Everybody needs situational awareness — that’s what they call it in the military — knowing what you need to know to make the best decisions. That is particularly true for emergency managers.
Earlier this week, we spoke to Adam Crowe who suggested that emergency managment as we now know it is dead.
His argument: social media has changed the landscape of crisis. Now people on the scene are sending out tweets and posting on facebok. One of the ways the government is trying to harness the power of social media in these situations is with Virtual Operations Support Teams (VOST).
Jeff Phillips is the emergency management coordinator for the Village of Los Ranchos in Albuquerque New Mexico. He started the first ever VOST team.
He told Chris Dorobek on the DorobekINSIDER show how VOST teams operate.
VOST’s are popping up all over the country — see if your city has a team here.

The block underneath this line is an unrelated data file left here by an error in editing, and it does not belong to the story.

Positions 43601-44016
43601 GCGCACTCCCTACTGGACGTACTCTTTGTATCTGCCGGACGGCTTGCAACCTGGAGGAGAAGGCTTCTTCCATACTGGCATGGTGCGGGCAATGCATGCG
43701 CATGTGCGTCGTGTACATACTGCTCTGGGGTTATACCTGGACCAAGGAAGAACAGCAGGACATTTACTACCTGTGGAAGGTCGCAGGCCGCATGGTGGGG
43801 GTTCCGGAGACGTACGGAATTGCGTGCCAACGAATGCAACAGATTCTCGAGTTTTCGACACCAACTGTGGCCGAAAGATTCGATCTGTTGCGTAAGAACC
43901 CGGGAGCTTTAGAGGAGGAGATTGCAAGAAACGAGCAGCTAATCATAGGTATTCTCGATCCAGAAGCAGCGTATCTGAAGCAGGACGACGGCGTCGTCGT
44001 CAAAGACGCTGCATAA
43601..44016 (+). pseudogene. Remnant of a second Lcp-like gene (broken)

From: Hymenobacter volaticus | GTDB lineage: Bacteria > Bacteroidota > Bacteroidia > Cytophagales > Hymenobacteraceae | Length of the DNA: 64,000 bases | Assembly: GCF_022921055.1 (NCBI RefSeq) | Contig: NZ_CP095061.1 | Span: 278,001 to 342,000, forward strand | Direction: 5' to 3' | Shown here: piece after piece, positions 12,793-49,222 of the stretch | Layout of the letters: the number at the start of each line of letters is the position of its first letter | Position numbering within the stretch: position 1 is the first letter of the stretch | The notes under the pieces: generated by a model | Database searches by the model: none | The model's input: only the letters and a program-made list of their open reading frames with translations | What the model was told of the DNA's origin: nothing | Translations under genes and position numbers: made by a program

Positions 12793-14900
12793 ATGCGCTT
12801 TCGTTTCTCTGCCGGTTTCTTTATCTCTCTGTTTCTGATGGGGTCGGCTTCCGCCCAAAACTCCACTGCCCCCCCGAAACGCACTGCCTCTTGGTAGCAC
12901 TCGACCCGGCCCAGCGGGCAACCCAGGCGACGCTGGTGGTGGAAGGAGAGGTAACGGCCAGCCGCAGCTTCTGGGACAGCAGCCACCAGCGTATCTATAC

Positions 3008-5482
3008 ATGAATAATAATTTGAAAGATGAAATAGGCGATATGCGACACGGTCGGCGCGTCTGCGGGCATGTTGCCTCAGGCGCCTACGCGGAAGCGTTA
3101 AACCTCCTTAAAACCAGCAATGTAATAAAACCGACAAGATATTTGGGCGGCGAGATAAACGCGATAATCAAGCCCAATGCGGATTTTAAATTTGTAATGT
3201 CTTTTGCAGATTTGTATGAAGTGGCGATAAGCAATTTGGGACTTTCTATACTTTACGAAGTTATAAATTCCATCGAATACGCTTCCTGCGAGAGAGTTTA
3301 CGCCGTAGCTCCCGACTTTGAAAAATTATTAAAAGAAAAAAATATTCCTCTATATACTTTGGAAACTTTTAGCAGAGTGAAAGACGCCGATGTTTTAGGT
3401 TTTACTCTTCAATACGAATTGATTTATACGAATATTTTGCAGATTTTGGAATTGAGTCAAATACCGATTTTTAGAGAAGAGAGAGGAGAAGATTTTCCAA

“Social media has changed the landscape for government to citizen interactions. It would be impossible to keep up that level of interaction during a disaster without these teams,” said Phillips.
How to develop your own VOST team
- Best if teams are developed and trained in advance
- Objectives and tasks that need to be accomplished for a particular disaster determine the size and scope of a team
- Coordination and availability are the difficult part — you need a strong relationship with the PIO on the scene
- Develop incident documents and protocols
- Not an expensive investment in terms of money but in time
Measure Succes: During an event like the wildfires in Colorado this summer, you can track the analytics with how many people are following and liking your posts. But you also need to measure the quality of the responses, if people are sending in pictures and information.
“It’s just like in a Field of Dreams, if you build a platform of information for the public during a crisis they will come,” siad Phillips, “the want the best and most accurate information.”